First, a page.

Fri, Jul 03, 2009 - Page 2 News List

Cold noodles fail tests by Consumers’ Foundation

BOWL OF BACTERIA After the study’s methodology was called into question, the foundation insisted that its 16-sample test followed professional standards

STAFF WRITER, WITH CNA

A woman eats cold noodles purchased from a convenience store yesterday. The latest report by the Consumers’ Foundation suggested that most cold noodles contain excessive levels of viable bacteria.

PHOTO: FANG PIN-CHAO, TAIPEI TIMES

Up to 88 percent of cold noodle products tested by the Consumers’ Foundation contained excessive levels of bacteria, secretary-general Wu Jia-cheng (吳家誠) said yesterday.

Sixteen cold noodle samples — four from convenience chain stores and 12 from traditional shops or vendors — were tested in late May, he said.

All 12 samples from traditional stores or vendors had excessive levels of viable bacteria and 11 contained excessive amounts of Escherichia coli (E. coli) bacterium, which is commonly found in soil and in the intestines of humans and animals and causes severe food poisoning.

The total viable bacteria counts in two samples each from convenience stores also exceeded permitted levels, Wu said

Factors contributing to the presence of E. coli include cross-contamination between raw and cooked food, as well as poor food handling and storage, Wu said.

Total viable bacteria counts, considered to be the most reliable marker of contamination, are often employed to assess food safety and sanitation during the manufacturing process. High bacteria counts can be attributed to improper cleaning and sanitizing of water, equipment and food materials, Wu said.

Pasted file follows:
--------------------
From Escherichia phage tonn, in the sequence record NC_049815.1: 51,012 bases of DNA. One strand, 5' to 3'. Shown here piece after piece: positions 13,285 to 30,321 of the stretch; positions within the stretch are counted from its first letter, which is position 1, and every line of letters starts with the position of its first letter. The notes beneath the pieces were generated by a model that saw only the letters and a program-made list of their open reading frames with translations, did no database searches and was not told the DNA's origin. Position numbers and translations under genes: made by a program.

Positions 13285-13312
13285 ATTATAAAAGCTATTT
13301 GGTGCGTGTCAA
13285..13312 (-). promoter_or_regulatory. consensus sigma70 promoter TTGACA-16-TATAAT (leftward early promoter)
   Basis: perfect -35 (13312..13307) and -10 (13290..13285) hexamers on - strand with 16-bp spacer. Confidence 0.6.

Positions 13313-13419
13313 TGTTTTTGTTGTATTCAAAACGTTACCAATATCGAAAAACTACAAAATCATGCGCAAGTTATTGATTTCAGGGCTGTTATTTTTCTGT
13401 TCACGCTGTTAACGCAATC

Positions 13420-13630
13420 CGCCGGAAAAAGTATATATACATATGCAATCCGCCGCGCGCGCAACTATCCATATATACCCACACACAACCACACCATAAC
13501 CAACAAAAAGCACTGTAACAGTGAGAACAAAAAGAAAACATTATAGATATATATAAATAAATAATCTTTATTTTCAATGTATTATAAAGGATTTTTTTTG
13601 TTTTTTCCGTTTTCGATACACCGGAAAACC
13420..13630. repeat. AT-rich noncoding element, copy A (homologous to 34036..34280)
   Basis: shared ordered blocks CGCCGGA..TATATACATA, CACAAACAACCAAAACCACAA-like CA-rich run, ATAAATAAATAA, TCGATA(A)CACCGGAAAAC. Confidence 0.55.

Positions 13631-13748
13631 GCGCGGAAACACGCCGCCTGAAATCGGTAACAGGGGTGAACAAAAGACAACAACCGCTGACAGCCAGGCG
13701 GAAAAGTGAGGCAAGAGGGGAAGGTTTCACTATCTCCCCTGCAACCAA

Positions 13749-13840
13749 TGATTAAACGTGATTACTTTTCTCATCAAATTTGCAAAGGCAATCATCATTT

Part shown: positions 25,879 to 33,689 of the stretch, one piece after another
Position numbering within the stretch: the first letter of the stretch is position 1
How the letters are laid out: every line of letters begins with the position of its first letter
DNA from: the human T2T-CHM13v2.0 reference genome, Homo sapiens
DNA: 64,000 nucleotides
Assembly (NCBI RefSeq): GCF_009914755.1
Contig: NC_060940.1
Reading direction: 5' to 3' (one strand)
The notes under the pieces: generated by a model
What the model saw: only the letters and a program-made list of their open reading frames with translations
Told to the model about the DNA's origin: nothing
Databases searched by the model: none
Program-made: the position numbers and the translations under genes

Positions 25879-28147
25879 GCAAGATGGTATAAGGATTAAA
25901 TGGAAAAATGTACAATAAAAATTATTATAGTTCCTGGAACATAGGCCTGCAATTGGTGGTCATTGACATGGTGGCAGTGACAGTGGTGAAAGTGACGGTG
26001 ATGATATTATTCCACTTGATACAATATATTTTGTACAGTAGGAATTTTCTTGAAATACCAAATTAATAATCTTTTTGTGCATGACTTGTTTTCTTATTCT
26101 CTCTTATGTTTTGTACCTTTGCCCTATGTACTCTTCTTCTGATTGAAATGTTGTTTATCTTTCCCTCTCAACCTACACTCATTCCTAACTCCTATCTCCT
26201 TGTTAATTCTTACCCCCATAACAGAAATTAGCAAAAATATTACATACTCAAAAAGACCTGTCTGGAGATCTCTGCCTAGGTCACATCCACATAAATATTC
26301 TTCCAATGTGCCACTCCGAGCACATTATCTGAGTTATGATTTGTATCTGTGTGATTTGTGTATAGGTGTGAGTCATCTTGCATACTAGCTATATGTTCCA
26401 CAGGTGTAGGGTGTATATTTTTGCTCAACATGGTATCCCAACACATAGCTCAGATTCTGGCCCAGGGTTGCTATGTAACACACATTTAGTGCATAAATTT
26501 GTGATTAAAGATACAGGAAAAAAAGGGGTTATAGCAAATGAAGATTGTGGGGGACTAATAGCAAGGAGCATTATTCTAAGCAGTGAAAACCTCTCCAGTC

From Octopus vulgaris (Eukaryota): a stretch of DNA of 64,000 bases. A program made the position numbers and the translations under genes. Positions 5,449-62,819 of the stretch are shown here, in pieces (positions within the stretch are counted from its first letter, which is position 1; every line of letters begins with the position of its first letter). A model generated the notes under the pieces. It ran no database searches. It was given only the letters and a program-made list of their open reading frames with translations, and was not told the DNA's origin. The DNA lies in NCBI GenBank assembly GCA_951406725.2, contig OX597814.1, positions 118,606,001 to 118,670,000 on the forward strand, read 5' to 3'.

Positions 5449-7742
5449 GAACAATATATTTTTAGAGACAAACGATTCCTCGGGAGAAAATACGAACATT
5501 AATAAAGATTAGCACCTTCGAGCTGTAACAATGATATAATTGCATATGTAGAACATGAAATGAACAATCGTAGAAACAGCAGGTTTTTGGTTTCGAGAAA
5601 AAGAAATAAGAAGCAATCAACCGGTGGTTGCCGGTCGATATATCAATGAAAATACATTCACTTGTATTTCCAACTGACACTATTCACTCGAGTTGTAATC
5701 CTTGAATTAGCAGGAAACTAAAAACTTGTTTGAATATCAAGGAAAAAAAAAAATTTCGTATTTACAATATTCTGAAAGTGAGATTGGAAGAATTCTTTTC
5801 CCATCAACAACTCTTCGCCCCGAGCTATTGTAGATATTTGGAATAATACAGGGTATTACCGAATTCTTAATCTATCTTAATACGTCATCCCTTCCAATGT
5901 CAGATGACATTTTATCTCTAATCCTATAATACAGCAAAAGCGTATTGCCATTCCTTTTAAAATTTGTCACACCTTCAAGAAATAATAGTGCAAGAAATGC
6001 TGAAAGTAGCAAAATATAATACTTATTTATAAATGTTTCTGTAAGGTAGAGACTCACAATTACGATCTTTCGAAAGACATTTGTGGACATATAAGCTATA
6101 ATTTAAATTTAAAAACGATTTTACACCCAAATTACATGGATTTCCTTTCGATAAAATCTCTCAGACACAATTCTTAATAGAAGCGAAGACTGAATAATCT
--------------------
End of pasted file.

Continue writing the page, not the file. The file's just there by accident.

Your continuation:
He said the sanitary conditions for cold noodle products have deteriorated since the foundation began its annual safety checks on the product two years ago. The foundation urged the Department of Health to demand immediate improvements by imposing stricter penalties for food sanitation violations.

Products that fail safety tests should be removed from store shelves and storeowners should improve their food hygiene standards, the foundation said.

A spokesman for the Hi-Life chain of convenience stores said his company had demanded that the manufacturer of the problem products suspend its supply, adding that it would also launch a comprehensive inspection.

A 7-Eleven store representative questioned the foundation’s methodology, saying that cold noodles generally undergo several rounds of testing during the manufacturing process before stored in refrigerators at 4ºC. The samples that failed to pass the foundation’s test might have been tested under high-temperature conditions, the representative said.

The foundation insists its tests were conducted in accordance with professional standards.

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